LICIK by Sham Hashim and Julie Anne

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The cover is gorgeous and so inviting and elusive. A beautiful mysterious silhouette holding a golden masquerade mask and rain droplets on the window overshadowing the scenic pair of airplanes across the runaway. But I couldn’t quite say the same thing with the content of the book.

As much as I was unnaturally lenient with the ratings of debut authors, I didn’t find myself being sympathetic enough with the notion over how a book that was written by two person would justify the overall bland and frankly cluttered storytelling which gave even me the hard time paraphrasing everything.

It is basically a set of dysfunctional characters who con each and every rich character in this book for their money by using their sexual appeal and trickery and making enemies along the way. Why I specifically mention a ‘set’ was because of the wealth of characters in this third person omniscient novel instead of what I expected from the blurb. The blurb introduced the potential reader of a female con artist name Fira who use her female wills to trick her victim into giving the moolah out of their pockets and into her bank account. The other narrative characters include Alias – the father, Sadik – the boyfriend, Dato’ Sulaiman, Saliza, Rais, Tan Sri AC Ehsii, Khairi, Johan, Taufik… the amount of their narration varied but still narrating characters.

However, none of them are anywhere nor near virtually likable or well-characterized to deserve their value as narrating character that even I lost interest to everyone in the book as none of them managed to be believable or worthy of sympathy nor empathy. Sure, nearly all of them have dark history, issues and occasional prelude to sex scene but with barely-there plot, all it does was churning words without substance. Its like writing for the sake of wasting paper instead of doing anything that worth the time spent on telling it as a story. In fact the only interesting part that I enjoy was rather briefly which was on page 243 (a small tiny pinch at the end of the book) which unfortunately ended with another case of terrible unsatisfactory case of cliffhanger ending which doesn’t even function as anything really.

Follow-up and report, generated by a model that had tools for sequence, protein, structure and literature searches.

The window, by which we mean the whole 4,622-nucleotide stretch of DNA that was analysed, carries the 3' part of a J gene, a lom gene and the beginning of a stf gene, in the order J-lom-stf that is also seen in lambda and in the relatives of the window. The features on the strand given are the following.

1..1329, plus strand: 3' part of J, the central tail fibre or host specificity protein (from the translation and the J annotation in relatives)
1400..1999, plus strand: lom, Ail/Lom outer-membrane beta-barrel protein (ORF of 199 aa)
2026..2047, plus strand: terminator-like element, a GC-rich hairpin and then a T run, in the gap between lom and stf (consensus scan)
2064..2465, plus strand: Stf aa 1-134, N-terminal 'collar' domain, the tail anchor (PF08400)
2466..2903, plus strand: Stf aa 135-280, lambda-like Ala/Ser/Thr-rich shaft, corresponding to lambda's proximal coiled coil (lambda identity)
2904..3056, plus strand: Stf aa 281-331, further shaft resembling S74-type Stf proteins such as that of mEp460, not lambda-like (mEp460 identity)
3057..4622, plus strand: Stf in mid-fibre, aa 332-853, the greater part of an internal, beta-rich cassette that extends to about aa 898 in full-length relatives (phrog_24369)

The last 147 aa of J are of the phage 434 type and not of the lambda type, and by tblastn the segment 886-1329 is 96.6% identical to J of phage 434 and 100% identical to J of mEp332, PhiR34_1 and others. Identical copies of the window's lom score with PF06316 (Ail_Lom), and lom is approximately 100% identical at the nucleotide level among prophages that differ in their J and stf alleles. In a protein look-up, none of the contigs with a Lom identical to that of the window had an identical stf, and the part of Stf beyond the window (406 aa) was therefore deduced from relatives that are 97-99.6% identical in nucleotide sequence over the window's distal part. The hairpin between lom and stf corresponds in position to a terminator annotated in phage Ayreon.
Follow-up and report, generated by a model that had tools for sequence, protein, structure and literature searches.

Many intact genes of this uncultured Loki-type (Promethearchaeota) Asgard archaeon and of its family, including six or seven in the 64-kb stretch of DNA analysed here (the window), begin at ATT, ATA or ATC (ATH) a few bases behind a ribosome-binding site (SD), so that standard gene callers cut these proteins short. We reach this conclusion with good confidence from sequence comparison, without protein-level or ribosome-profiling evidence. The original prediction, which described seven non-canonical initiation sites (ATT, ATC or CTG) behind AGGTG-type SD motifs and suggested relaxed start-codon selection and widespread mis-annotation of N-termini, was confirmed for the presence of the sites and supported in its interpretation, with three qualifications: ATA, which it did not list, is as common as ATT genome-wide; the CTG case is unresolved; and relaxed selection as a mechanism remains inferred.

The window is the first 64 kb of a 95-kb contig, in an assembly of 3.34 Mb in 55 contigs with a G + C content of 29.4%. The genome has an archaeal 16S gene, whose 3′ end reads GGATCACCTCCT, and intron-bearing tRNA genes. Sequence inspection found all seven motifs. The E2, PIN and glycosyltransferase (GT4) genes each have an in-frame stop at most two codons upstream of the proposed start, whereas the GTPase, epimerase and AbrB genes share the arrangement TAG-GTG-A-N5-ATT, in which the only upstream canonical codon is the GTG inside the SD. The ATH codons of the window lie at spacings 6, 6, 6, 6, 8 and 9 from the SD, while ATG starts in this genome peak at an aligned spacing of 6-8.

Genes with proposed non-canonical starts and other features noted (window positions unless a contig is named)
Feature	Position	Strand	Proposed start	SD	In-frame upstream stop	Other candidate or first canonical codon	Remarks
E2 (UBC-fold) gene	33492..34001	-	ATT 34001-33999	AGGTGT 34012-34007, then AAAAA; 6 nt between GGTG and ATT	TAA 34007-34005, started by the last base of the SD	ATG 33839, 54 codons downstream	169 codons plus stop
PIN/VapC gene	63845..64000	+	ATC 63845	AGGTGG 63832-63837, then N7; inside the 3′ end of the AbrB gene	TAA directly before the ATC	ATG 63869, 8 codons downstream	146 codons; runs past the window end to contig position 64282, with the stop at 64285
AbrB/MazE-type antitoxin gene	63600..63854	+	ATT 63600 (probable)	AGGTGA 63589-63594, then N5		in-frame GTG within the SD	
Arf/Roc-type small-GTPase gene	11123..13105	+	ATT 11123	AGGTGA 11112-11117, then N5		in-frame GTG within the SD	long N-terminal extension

For the writing aspect, I don’t think its redundant as it was very fast paced. But then without a hook pulling the reader into the story, the overused of unlimited characters without any distinct unique characteristic that differentiate one from another, the style that became very repetitive, the overall tone and the lack of humanity in it which made all of it was worthless to redeem. For the language aspect, it was rather moderate among the publication and again repetitive that it lose its shock element. Again, for two writers, honestly, this is just plain shabby.

If the story only retain Fira as the central character of this book without messing with the whole descriptive details on each and everyone of its side character, it would have work better or at least didn’t make me feel cheated about the whole drama. The authors should have rip off Catwoman’s characteristics into her or make her the female persona of Neal Caffrey from White Collar. As plain as I could be, all of these effort reduced to making Fira sound incredibly shallow, confused unbelievable, incompetent, and unidentifiable female character for even the most open minded of all woman. Unlike her namesake, she’s just ‘lucky’ at being manipulated and used by almost everyone in this novel. I could seriously be offended by all these but apparently, my silent wish of wanting a reasonably well-written female character from these pulp series always seem to fall on deaf ear.

Lastly, I don’t think it is a necessity to show off how many the print run which the book have and then market it as a strategy to show the world how well received the book is without even taking the stories into consideration. In this case, I would be more happy if I got the book with the cover and all the 272 pages of it blank since I began to dread dead trees being wasted in these sort of fashion.

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